The state of desktop manufacturing

Make magazine dedicates its 21st issue to the state of advancement of the various aspects of desktop manufacturing (3D printing and scanning, personal fabrication, etc..). The articles are not available without subscription, but one article that is available represents the views of sector pioneers. The statements were collected by Gareth Branwyn:

“* Aaron Nielsen, Oomlout,, a distributed design house that makes laser-cut, open source robot and microcontroller kits

What we feel best represents the potential of this burgeoning movement is not a machine, or software, nor is it even immediately identifiable as desktop manufacturing. However, it shows how evolution in all these areas is making previously impossible projects possible. We’re talking about the Maker Beam project (, an effort to produce an open source building system (in the spirit of Lego and Meccano).

In the past, an idea like this would’ve needed to be made attractive to banks or VCs. But in this case, it captured the imagination of enough people on a distributed funding site called Kickstarter (, getting seed funding from 131 backers to the tune of $17,922. The cost of software to do 3D designs would’ve been another stumbling block, but now, freely available open source alternatives exist. The prototypes would have been difficult and expensive to obtain, but now are as easy as pressing Print. Finally, the expense of a marketing campaign would bookend the project, however there are already 131 town criers, and hopefully many more, who will be swayed by the idea and help get the word out. And all that makes us very excited.

* Shawn Wallace, Fab Academy,, a distributed school teaching digital fabrication worldwide

Spend a few hours reading through the complete archives of the RepRap blog ( from 2005 to present. It’s worth it in the same way that it’s worth reading Andy Hertzfeld’s, about the early days of the Mac. It’s an oral history of a watershed moment in technology. The way we usually think of it, a technology passes through a couple of crucial moments when it becomes first industrialized, then commoditized. The Rep Rap project is leapfrogging to the final watershed status of folk technology: accessible to everyone.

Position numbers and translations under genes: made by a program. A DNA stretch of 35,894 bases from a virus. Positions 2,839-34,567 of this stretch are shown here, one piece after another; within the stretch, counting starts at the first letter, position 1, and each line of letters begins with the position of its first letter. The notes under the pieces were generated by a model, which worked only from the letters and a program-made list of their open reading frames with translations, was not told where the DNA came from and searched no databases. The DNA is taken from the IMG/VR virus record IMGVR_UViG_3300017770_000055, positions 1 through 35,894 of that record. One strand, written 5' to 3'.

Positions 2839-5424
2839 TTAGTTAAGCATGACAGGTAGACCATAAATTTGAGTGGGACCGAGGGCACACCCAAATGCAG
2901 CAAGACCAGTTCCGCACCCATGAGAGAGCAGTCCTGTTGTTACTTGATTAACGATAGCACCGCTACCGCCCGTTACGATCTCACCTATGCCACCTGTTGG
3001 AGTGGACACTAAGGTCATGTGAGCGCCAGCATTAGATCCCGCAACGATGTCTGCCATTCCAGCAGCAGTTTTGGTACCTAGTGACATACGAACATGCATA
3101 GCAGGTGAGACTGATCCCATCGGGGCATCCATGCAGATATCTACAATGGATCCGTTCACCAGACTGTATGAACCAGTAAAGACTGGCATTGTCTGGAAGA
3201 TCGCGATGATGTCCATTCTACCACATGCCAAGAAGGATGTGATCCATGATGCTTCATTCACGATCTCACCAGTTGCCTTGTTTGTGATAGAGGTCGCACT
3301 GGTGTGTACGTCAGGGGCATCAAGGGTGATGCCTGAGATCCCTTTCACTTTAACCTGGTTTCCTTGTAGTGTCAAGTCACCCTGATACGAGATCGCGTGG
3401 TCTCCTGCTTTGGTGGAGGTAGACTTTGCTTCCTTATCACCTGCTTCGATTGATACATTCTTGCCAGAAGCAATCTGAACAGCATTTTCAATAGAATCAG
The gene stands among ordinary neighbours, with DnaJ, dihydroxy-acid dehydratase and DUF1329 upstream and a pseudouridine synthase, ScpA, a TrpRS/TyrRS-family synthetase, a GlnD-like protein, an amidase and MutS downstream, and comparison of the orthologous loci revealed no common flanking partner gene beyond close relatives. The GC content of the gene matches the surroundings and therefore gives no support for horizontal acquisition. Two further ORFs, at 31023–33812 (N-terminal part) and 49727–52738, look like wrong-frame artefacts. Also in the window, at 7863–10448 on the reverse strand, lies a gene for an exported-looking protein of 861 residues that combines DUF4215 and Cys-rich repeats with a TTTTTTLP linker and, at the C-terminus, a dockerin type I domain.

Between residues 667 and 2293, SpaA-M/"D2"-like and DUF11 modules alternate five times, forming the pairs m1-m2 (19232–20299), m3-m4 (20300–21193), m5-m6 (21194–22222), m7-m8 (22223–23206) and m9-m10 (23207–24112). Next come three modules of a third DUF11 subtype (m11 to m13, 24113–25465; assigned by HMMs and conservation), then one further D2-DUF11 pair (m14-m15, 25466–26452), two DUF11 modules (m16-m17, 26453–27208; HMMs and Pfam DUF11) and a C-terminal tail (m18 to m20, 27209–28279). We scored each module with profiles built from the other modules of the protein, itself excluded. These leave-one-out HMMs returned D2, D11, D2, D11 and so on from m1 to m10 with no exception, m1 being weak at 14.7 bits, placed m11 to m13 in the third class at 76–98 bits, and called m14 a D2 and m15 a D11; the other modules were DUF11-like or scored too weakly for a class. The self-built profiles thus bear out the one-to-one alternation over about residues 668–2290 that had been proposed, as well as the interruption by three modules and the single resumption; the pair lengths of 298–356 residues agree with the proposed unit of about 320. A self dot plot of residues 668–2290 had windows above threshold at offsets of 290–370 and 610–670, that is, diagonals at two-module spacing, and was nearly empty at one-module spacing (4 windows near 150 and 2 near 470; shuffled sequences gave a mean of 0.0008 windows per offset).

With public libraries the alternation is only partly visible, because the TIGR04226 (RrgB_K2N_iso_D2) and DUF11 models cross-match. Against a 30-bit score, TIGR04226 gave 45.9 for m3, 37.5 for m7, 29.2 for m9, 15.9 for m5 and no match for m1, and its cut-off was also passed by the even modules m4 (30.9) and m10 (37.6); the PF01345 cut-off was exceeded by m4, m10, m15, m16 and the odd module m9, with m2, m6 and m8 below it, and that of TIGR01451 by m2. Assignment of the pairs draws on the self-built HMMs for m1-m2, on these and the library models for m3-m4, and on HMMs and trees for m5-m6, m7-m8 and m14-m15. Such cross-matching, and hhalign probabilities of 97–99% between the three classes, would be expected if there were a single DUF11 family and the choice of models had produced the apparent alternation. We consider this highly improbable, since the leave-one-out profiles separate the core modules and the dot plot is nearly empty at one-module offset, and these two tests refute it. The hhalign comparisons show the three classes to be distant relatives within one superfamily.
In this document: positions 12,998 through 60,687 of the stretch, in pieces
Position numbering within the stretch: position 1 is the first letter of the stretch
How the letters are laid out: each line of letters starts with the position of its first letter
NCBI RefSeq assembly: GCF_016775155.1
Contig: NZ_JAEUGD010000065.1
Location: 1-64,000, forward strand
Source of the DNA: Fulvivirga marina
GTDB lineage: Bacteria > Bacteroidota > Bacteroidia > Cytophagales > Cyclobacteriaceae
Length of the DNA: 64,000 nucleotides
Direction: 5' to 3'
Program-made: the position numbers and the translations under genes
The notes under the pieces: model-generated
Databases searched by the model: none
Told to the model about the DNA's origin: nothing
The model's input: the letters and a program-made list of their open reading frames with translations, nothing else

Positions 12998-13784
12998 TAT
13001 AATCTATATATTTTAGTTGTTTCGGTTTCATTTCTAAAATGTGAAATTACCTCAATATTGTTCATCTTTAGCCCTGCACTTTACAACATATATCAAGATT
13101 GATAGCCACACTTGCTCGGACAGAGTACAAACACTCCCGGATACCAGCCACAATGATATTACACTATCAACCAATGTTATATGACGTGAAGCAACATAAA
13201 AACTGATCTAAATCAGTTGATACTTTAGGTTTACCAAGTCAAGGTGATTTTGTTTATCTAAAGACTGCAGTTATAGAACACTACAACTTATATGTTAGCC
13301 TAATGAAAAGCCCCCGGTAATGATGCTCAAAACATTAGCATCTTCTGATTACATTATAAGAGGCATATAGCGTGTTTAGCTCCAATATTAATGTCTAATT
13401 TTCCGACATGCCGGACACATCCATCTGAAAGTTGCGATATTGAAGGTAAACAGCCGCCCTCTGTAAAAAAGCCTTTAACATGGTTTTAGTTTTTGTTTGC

* Chris Riley, DIYLILCNC,, project to build a cheap 3-axis CNC for the everymaker

I’m excited by how open source is putting CNC in the hands of artists, hobbyists, and indie designers. There’s a growing trend, among amateur-built CNC/3D printing devices, of using bigger/more precise/commercial CNC machines to build components for these more modest 3D siblings. For example, there are quite a few instruction sets floating around that involve building your own 3D printer with laser-cut parts, or making parts for a small mill on a larger commercial CNC. There are also some really robust open source machine control software packages that take care of potentially difficult machine control problems; after all, you can have the fanciest 3D printer in the world that’s little more than a large paperweight without software to drive it.

This combination – open source control software, alongside CNC devices, built with the aid of other CNC devices, from open source CAD files – really illustrates just how powerful the open source ethos can be and how far it’s taking us.”

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